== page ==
Both Michael Eddowes and John Lewis put words in Christine’s mouth, or simply made them up. Lewis hated Ward because Ward had given Lewis’s wife, Joy, a roof over her head when she ran away from Lewis.. Eddowes was a conspiracy theorist par excellence and was convinced that Ward was a communist spy who ran call girl rackets on both sides of the Atlantic. He also tried to prove Ward was involved in the Kennedy assassination.

          She lied persistently at the Edgecombe and Ward trials saying that it was Lucky Gordon who had assaulted her. This, despite the fact that there were at least two witnesses who knew that it was John Hamilton-Marshall who assaulted her and caused her injuries. The police told her to say it was Gordon.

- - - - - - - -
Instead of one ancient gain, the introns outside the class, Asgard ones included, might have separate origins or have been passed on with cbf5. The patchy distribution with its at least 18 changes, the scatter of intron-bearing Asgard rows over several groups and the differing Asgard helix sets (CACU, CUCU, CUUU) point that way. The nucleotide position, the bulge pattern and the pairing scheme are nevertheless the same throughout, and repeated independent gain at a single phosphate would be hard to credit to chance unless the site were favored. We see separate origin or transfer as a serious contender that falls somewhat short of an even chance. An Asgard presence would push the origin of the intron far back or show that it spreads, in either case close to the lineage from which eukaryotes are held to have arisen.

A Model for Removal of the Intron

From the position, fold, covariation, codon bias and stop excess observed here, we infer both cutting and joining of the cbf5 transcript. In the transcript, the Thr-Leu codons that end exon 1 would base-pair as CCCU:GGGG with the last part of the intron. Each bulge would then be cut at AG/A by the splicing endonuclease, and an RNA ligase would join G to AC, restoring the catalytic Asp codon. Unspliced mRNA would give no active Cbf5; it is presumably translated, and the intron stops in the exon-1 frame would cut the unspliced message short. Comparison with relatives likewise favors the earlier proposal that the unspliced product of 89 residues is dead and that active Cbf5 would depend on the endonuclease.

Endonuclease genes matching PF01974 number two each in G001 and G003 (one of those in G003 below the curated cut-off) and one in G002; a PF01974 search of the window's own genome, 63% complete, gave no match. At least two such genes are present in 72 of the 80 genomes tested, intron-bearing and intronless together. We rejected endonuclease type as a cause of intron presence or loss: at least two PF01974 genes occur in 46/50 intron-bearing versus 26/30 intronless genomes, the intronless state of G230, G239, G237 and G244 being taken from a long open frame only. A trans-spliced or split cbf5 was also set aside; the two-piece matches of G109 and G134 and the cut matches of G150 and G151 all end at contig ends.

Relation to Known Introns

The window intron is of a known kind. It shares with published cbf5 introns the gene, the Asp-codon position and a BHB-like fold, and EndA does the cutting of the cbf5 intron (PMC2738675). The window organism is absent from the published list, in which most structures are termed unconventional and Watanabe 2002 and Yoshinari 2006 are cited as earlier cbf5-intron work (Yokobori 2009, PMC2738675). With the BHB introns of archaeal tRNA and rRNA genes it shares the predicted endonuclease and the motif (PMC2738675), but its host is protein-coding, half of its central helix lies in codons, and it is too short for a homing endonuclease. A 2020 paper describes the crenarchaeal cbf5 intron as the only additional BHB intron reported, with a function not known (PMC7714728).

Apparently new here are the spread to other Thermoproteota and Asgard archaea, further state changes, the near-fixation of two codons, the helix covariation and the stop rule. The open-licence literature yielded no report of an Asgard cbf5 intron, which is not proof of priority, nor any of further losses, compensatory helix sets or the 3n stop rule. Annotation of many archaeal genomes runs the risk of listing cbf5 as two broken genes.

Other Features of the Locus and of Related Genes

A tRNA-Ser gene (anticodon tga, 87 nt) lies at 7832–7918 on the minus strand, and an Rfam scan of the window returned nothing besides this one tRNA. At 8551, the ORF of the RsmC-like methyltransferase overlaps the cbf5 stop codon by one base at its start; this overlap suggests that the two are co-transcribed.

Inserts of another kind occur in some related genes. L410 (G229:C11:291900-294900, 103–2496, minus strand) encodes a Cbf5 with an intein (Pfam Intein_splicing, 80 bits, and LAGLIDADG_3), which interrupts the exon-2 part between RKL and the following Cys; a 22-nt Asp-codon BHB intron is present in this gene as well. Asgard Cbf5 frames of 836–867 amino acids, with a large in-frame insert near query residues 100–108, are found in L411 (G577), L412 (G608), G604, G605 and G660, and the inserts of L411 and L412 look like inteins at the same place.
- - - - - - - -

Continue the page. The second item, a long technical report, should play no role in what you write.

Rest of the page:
• Liya Ladizinsky

            She had a row with John Hamilton-Marshall before Fenton and Commachio arrived. John left and after that they arrived, and when they arrived Lucky Gordon appeared and violently attacked her. they were eyewitnesses to the attack and they didn’t want to get involved with the police and the trial because they were black. so they asked CK, PHM and the housekeeper Olive Brooker to deny on Gordon’s trial that they know them and that they were present at the scene. So you saying that Fenton and Commachio denied that Gordon attacked her and claimed it was Paula’s brother? are you absolutely sure they both said Lucky didn’t attacked her on that day? Keeler say’s today (and said it at least more than 20 years ago on the late 80’s) that Gordon attacked her that day (and on previous occasions) and he was rightly jailed.